Generosity Trademarks the Kingdom of God

Jesus compared the Kingdom of God to the wind: “The wind blows wherever it pleases. You hear its sound, but you cannot tell where it comes from or where it is going. So it is with everyone born of the Spirit.” (John 3:8) His point was that, just like the wind, you can’t physically see the Kingdom of God, but you can see its effects. You can see the marks of where it’s been. I believe generosity is one of the key marks of the Kingdom of God.

As Christians, we should be the most generous people on the planet.

As Americans, as a country, we probably are. I don’t have exact figures (or any figures) in front of me, but I know our government, which is becoming less and less Christian all the time, still gives away billions of dollars in foreign aid every year. America is one of the most, if not the most, generous countries on the planet. This is the mark of a country that was founded on Kingdom of God principles.

And it’s not just the government. Some of the most effective aid organizations in the world were founded by and are run by American private citizens. Crisis Response International (my personal favorite), Not for Sale, Mercy Ships, Goodwill, The United Way, just to name a few, are amazingly effective charitable organizations providing help across the world where it’s needed most. They provide dollars, medical supplies and services, food, rescue, and labor for rebuilding after disasters (not to mention the Gospel). They have their roots in the Kingdom of God and their generosity is making lasting impacts around the world.

That’s great, but what about the rest of us? Can we be generous right here at home, every day?

I think we can. For example, waiters and waitresses should be fighting to work Sunday afternoons, when the Christians come for lunch after church. We should be the biggest tippers on the planet. (If you’re in the restaurant industry, please leave a comment about whether this is so or not.) A standard tip is 18%. I tip at least 20%, honestly because the math is easier, not because I’m being generous. I compute 10% in my head by moving the bill’s decimal point, double it, and round up. I’m working on tipping 30%, because I want to be generous. It’s hard though, because it gets expensive. Generosity is sacrificial, that’s why it marks the presence of the Kingdom of God.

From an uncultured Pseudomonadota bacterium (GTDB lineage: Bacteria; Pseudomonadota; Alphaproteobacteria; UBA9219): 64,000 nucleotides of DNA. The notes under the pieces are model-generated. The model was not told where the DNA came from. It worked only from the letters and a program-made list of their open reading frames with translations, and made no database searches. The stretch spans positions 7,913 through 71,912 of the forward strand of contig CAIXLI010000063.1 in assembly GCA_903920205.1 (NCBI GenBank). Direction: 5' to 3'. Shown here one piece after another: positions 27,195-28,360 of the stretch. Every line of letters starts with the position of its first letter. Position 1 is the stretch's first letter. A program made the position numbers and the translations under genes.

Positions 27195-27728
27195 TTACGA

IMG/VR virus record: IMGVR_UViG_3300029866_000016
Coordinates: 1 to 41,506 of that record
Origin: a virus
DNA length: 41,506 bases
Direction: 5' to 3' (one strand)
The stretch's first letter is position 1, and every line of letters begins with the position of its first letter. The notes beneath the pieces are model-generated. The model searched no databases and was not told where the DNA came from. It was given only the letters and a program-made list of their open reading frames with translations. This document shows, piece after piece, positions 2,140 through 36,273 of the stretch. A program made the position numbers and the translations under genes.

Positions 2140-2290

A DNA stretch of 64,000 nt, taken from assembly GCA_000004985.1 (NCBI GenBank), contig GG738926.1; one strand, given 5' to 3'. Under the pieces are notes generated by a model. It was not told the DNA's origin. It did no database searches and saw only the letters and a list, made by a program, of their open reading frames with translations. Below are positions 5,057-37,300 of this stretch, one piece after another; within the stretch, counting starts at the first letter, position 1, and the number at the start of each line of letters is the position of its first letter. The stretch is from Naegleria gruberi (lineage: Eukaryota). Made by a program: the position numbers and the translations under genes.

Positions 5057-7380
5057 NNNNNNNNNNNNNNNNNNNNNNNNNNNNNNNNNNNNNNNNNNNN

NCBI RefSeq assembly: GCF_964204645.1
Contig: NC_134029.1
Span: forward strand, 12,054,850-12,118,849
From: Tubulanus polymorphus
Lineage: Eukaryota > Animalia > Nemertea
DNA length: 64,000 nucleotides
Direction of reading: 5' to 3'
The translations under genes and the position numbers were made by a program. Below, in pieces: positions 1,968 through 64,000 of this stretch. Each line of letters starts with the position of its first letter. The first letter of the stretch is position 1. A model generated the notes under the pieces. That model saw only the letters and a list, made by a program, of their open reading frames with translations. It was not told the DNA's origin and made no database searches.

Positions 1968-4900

Janet and I recently experienced an amazing weekend of generosity. We went to a writer’s conference, Tribe Conference 2017, in Franklin, TN, just south of Nashville, that exemplified this concept. Tribe Writers is a program founded and run by best-selling author Jeff Goins that teaches creatives how to get their message out there (and make a living at it) in this amazing new digital renaissance we’re living in. This was the first time Janet and I attended the annual conference.

What an amazing experience! I’ve been to lots of professional and personal conferences, and I can honestly say Tribe Conference 2017 was the most generous conference I have ever been to.

Every single speaker (and breakout session leader) gave away something of value. Not just run-of-the-will lead-magnets that you expect to give away, but premium products either free or at significant discounts. Some made exclusive content just for the conference attendees on hidden pages on their websites. Their generosity was really overwhelming.

Mr. Goins brought a young writer, Natalie Brenner, on the stage to tell the story of getting her book, This Undeserved Life, published. It’s her story about how God shows up in the middle of grief. Her book gives Christians permission to grieve, which is really important because unfortunately I know stories when the church has not.